‣ Male
‣ Date of birth: August 2019
‣ Name derivative: “Black Rhino” due to his fighting nature, and after the organisation who helped with his rescue.
‣ Place of discovery : South Luangwa National Park


How was Chipenbeli

In South Luangwa National Park staff from Lion Camp reported a severely injured, lame elephant with a suckling calf. They monitored the elephant until the Department of National Parks & Wildlife and Conservation South Luangwa teams could assess her. They found she had a fatal gunshot wound, almost certainly inflicted by ivory poachers. She was in very poor condition, with her milk already starting to dry up, and would not survive. The calf was at her side, trying to suckle frequently in order to get the nutrition he desperately needed.

A heart rendering decision had to be made, to euthanise her and save the calf. After waking from sedatives, the young calf quickly got to his feet, stretched and started running around the enclosure.

He was clearly distressed and disoriented. Having losthis mother, he charged the fence and took some time tocalm. His reaction was unsurprising, considering theheartbreak and trauma he had just been through. As amilk–dependant youngster he would have not strayedfar from his mother’s side throughout his life and thebond between mother and calf is incredibly intense andfilled with emotion, much like our own.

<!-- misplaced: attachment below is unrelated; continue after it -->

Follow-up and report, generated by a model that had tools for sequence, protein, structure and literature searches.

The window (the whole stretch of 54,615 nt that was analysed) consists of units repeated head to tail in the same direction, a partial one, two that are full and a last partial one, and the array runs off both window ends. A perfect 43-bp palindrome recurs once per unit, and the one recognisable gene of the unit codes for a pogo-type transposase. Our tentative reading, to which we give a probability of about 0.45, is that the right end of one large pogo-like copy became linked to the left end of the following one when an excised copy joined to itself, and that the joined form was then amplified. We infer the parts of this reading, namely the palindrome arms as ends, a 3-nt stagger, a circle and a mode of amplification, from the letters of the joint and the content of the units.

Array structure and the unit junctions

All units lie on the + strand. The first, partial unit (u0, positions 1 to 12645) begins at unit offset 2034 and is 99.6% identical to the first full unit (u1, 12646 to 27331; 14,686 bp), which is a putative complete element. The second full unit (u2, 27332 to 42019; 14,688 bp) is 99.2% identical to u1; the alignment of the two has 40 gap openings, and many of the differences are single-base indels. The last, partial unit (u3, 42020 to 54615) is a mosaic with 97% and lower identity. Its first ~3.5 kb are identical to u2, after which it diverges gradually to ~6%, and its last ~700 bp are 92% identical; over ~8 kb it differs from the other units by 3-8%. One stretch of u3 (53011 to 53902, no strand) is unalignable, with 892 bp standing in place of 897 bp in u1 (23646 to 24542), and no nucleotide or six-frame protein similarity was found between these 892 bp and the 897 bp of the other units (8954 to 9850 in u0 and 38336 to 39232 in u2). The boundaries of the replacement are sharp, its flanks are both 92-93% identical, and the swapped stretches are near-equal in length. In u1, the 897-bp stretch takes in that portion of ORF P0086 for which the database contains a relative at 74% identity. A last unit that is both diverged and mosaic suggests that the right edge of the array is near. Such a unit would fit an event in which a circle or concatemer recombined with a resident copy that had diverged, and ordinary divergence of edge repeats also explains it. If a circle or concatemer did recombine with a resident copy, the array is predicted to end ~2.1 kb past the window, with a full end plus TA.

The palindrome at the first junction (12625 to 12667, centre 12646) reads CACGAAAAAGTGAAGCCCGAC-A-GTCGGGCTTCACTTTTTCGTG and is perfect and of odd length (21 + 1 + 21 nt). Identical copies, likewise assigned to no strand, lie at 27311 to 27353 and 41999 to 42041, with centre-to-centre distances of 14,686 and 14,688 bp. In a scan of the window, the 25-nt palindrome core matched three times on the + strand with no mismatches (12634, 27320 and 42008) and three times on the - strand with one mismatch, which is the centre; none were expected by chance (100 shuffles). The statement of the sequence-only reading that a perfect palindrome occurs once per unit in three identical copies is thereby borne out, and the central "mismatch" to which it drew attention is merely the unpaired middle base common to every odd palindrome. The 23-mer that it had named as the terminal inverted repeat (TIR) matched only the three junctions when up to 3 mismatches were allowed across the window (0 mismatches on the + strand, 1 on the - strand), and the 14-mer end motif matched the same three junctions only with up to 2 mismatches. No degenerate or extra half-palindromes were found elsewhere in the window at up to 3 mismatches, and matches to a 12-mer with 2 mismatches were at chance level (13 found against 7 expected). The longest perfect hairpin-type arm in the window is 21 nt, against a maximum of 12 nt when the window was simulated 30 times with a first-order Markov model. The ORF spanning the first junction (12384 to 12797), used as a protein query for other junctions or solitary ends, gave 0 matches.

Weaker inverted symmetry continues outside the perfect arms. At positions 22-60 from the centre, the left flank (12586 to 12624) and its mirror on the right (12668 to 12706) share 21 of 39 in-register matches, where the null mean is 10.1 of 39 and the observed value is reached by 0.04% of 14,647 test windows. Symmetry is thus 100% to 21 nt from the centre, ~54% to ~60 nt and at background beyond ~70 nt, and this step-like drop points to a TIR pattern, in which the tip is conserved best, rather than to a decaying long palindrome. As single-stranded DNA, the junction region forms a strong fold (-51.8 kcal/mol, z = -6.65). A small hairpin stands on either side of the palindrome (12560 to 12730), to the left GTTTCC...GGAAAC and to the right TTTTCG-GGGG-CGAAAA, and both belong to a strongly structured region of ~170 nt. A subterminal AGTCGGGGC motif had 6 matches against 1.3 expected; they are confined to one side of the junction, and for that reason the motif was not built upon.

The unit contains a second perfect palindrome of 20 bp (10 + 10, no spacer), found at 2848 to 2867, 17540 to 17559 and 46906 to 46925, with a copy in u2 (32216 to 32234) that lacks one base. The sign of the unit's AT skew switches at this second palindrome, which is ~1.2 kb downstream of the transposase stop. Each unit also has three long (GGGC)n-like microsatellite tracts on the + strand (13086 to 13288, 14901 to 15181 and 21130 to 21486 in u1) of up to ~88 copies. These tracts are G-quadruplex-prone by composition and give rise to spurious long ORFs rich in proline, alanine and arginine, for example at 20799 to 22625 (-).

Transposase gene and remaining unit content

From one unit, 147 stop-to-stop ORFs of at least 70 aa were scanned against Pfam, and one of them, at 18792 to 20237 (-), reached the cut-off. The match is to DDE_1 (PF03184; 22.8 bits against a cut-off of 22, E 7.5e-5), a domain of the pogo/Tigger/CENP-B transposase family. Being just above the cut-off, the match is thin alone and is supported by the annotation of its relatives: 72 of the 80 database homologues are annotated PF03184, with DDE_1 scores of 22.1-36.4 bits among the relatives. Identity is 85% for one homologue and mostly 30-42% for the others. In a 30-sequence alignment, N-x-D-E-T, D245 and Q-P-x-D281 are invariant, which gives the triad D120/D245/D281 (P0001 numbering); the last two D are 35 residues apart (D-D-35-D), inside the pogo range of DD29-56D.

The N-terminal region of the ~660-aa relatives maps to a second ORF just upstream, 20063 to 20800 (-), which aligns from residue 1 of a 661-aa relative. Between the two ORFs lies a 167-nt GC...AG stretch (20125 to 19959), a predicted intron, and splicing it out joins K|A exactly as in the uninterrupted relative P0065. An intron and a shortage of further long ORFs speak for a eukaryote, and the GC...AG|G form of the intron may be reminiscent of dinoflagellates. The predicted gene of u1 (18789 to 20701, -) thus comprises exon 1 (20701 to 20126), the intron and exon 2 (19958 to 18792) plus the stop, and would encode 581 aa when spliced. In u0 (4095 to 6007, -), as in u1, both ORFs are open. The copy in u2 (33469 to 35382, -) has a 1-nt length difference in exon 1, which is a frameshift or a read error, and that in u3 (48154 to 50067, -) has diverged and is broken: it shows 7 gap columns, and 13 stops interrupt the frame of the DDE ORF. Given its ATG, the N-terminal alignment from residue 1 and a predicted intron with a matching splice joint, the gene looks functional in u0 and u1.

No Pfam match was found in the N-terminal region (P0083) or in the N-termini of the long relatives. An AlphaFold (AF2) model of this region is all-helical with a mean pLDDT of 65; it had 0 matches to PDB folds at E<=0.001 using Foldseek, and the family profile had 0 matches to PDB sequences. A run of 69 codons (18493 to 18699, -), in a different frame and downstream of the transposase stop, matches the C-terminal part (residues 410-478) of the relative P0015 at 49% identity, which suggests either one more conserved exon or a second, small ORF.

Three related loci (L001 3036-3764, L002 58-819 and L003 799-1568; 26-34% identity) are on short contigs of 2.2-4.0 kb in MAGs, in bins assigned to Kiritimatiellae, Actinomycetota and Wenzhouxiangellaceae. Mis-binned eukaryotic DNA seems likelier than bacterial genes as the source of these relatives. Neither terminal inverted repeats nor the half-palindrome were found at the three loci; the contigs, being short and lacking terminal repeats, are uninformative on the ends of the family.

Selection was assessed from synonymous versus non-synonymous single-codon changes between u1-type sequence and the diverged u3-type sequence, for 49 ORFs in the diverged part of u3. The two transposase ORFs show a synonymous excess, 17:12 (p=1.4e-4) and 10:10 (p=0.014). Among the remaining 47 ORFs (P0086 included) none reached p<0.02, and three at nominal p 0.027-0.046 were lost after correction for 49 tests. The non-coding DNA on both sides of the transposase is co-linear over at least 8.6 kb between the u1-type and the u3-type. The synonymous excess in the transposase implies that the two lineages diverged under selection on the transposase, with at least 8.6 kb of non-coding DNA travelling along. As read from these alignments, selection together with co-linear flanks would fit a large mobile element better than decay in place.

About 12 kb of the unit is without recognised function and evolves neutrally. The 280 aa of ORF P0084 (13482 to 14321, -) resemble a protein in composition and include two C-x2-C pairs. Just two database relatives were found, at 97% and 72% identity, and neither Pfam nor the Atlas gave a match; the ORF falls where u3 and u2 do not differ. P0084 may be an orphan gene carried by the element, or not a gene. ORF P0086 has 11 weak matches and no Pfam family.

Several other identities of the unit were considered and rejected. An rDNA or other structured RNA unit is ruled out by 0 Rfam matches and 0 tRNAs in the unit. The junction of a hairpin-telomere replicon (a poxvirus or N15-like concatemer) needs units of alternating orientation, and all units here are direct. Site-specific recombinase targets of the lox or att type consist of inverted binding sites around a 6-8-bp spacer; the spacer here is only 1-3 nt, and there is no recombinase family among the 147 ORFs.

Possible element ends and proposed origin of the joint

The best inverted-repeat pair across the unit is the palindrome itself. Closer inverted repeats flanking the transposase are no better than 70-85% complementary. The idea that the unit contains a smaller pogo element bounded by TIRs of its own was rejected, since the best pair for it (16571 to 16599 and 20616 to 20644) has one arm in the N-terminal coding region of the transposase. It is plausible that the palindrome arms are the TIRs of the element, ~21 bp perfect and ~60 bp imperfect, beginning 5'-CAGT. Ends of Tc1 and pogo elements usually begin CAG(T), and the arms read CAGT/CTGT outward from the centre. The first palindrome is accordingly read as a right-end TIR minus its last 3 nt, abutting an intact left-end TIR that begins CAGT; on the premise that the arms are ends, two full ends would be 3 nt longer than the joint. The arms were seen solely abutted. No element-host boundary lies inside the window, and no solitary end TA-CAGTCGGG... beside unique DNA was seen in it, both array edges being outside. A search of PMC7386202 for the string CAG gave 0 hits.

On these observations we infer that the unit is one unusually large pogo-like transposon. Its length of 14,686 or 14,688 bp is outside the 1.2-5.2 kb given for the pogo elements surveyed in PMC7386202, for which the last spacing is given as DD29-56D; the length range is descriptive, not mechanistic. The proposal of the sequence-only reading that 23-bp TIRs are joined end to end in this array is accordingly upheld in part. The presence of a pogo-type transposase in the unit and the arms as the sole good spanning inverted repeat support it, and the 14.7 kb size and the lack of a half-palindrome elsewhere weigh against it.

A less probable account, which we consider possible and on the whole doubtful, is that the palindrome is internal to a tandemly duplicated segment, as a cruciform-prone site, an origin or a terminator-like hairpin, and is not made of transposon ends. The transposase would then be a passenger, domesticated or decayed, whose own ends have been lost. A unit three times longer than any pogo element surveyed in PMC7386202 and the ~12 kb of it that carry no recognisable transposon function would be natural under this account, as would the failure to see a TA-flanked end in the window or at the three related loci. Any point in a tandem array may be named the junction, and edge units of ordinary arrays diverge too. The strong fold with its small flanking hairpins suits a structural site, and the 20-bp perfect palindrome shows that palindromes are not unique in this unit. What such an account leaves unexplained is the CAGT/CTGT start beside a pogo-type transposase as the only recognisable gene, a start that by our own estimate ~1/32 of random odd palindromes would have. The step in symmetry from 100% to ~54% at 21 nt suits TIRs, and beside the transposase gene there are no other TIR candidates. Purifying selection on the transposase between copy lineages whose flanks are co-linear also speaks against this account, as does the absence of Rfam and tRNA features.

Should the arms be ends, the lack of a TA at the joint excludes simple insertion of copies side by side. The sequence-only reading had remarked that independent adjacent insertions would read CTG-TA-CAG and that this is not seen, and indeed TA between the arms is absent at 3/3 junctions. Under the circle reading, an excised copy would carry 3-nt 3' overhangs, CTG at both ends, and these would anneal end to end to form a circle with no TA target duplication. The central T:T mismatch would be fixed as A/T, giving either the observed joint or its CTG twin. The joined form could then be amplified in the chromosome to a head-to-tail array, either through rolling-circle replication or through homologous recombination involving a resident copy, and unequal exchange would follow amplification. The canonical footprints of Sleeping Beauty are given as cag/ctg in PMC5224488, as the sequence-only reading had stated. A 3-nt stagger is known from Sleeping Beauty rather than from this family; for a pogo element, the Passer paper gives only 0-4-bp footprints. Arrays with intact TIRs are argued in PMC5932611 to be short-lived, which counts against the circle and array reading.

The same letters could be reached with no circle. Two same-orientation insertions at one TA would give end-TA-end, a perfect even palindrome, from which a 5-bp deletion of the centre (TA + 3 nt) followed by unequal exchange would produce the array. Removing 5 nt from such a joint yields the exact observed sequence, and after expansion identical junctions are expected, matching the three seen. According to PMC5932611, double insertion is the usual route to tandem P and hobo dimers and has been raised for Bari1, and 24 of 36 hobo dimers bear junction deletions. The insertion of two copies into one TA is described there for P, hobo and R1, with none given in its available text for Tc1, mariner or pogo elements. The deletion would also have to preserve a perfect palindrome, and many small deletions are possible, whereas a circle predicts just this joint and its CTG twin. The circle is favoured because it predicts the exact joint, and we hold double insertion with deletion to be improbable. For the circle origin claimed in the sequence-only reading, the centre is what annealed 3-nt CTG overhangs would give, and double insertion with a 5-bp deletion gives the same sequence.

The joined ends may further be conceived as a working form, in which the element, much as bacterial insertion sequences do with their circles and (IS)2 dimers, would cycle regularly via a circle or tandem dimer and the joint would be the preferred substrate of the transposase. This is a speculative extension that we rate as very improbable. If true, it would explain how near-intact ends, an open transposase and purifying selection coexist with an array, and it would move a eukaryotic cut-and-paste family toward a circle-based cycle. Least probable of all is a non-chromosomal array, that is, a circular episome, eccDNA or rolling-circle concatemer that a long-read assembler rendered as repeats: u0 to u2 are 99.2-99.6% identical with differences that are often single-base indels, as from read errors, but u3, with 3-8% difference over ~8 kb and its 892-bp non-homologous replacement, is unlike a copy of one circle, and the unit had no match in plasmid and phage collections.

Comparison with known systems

How is Chipenbeli doing now?

After some time, having been provided with food, waterand constant company he began to settle. He waswilling to accept a bottle (of electrolytes and later milk)within 24 hours of his rescue, but he did not relaxenough to sleep for over 3 days. This little elephant is afighter for sure.

Once he had settled and was drinking well, plans weremade to transport him to the Elephant Nursery wherehe would be united with other elephants,
Chipembele faces a challenging journey to recover fromthe trauma he experienced, to give him a chance of alife back in the wild where he belongs.